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Figure 16.

Hydrogen adsorption isotherms at 77 K; CNF: carbon nanofiber, CNF Na: NaOH activated carbon nanofiber (N2 flow of 500 ml/min), CNF K: KOH activated carbon nanofiber (N2 flow of 500 ml/min), CNF K1: KOH activated carbon nanofiber (N2 flow of 800 ml/min) (A. Linares-Solano et al., 2009).

The MCF (metal-carbon-fluorine) system was introduced by using electrospun carbon nanofibers (J.S. Im et al., 2009). The transition metal and fluorine were introduced on the activated carbon nanofibers to use the gap of electronegativity between the metal and fluorine. As a result of this gap, the hydrogen molecules were attracted into the carbon pores effectively.

4.2. Ecological materials

Photocatalysts (usually TiO2) are used widely because of their high activity, chemical stability, robustness against photocorrosion, low toxicity and low cost. Nano-sized photocatalysts have been synthesized by many methods, such as the sol-gel process and thermal treatments, to enhance the photocatalytic ability with larger active sites. However, the recovery of nano-sized photocatalysts is not easy, making reuse difficult and secondary contamination likely. Therefore the immobilization method has been studied widely. Nanofibers have been investigated as one of the solutions using two methods: first,

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Figure 17.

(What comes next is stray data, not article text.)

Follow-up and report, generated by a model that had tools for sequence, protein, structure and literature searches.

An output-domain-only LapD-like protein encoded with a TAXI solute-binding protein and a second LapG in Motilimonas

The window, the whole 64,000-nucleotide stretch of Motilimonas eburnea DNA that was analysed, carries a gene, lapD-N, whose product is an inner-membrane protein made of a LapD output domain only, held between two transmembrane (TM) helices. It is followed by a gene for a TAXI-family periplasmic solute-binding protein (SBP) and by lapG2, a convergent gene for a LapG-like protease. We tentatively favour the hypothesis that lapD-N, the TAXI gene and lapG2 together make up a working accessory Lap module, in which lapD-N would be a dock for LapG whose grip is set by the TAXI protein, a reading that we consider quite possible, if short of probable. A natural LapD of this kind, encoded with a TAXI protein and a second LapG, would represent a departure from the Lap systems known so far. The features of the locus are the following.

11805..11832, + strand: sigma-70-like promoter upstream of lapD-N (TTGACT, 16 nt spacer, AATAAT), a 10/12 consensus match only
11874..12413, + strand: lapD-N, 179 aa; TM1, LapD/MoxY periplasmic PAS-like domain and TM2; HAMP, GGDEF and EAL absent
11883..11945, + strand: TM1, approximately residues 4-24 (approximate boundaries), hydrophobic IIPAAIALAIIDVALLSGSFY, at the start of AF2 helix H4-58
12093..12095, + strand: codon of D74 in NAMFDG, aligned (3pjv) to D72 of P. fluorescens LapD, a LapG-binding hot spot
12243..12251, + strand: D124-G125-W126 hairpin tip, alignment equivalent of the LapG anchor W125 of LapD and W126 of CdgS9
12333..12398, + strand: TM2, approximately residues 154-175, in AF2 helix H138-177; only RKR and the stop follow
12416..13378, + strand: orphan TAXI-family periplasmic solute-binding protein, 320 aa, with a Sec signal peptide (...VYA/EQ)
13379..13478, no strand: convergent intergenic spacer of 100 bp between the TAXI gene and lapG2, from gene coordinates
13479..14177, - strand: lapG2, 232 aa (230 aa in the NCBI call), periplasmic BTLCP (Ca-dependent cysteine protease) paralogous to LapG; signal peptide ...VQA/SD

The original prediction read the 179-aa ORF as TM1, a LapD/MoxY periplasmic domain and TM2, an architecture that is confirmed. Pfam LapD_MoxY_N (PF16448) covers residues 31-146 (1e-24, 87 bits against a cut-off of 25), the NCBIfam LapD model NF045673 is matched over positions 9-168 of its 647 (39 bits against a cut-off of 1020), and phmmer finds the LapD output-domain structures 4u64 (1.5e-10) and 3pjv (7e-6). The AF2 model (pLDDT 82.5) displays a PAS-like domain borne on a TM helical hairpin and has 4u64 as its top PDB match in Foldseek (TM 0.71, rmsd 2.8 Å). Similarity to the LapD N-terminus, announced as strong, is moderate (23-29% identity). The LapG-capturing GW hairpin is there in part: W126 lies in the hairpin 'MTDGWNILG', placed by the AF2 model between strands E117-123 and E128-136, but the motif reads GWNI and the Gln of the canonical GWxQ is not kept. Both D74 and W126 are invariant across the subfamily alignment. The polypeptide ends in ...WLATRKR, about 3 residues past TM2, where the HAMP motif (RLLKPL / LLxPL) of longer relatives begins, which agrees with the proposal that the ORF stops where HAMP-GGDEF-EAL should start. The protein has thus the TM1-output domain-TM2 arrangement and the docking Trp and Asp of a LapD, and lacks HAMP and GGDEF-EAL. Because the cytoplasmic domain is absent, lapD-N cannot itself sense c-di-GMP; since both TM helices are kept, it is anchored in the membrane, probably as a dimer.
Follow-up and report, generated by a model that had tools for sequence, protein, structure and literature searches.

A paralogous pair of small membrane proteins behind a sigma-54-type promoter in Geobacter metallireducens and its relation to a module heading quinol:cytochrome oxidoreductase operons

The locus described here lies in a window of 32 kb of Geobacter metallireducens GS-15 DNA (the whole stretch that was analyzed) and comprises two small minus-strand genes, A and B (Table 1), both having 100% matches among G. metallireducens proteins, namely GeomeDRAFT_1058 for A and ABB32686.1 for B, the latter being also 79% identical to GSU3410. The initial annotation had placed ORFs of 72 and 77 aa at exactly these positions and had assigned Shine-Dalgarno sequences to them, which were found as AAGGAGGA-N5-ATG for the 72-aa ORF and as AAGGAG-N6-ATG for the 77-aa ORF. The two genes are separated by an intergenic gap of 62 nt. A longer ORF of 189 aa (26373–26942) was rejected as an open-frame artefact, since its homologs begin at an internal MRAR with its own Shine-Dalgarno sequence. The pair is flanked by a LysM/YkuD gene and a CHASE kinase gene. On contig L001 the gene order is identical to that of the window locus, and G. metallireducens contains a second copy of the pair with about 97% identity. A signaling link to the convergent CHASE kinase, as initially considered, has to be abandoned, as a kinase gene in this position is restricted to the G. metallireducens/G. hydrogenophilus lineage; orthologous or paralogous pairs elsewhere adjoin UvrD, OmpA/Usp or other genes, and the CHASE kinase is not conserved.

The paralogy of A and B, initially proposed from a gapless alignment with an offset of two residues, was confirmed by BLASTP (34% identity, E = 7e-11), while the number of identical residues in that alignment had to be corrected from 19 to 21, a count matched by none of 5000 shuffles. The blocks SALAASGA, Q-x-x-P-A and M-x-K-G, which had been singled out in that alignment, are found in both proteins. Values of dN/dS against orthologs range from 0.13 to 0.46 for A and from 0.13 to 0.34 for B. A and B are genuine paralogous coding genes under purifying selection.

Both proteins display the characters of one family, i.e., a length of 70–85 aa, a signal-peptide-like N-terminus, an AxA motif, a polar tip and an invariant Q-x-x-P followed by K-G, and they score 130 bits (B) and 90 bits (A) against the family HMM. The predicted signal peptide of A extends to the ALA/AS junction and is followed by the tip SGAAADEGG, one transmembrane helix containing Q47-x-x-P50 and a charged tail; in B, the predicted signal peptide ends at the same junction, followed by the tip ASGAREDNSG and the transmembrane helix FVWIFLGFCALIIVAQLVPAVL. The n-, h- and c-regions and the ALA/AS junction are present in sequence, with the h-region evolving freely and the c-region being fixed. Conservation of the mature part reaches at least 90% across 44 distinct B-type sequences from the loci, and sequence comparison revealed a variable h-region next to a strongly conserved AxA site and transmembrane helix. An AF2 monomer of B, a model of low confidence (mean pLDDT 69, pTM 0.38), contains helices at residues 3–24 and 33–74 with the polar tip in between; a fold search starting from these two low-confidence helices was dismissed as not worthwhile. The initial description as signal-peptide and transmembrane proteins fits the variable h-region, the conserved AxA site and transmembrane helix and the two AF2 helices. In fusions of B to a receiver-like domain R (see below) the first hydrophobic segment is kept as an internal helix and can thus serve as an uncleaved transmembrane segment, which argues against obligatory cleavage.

Mechanism of hydrogen adsorption enhancement by the MCF system.

photocatalysts were fabricated as a non-woven mat by the electrospinning method; second, photocatalysts were embedded into a matrix of electrospun nanofibers. These materials can render large active sites for the photodegradation of pollutants. The TiO2 nanofibers were fabricated by C. Tekmen and A.K. Alves’s groups (C. Tekmen et al., 2008, A.K. Alves et al., 2009). S.G. Lee’s group synthesized SiO2/TiO2 nanofibers by electrospinning and presented their synergy effects (S.W. Lee et al., 2007). The TiO2 embedded PAN-based carbon nanofibers were prepared and investigated based on the floating effect with a low density of nano-web (J.S. Im et al., 2008). The photocatalytic efficiency was maximized because photocatalysts can be activated by UV-light without any interruption such as UV absorption of dust water.

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Figure 18.

Photocatalytic effects of nanofibers involving TiO2 based on the floating property.

Nanofibers have also been studied as a membrane for the filtration of heavy metals in groundwater (Y. Sang et al., 2008). The experimental setup was shown in Fig. 19. From static adsorption experiments, an efficient removal of Cu2+, Cd2+, and Pb2+ was observed.

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Figure 19.

Nanofiber membrane test as a groundwater treatment (Y. Sang et al., 2008).

4.3. Biomaterials

The biomedical applications of electrospun fibers remain the most interesting research area. Nanofibers can contribute in diverse emerging medical areas such as drug delivery, organogenesis, genomic medicine, rapid bedside clinical tests, and smart wound dressings. Among these applications, nanofiber-based three-dimensional scaffolds for tissue engineering and the design of nanofiber devices for sustained delivery systems have been attracted by the many advantages of electrospun fibers. The majority of nanofiber anti-

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Figure 20.

Controlled drug release of electrospun hydrogel nanofibers by fluorination treatment.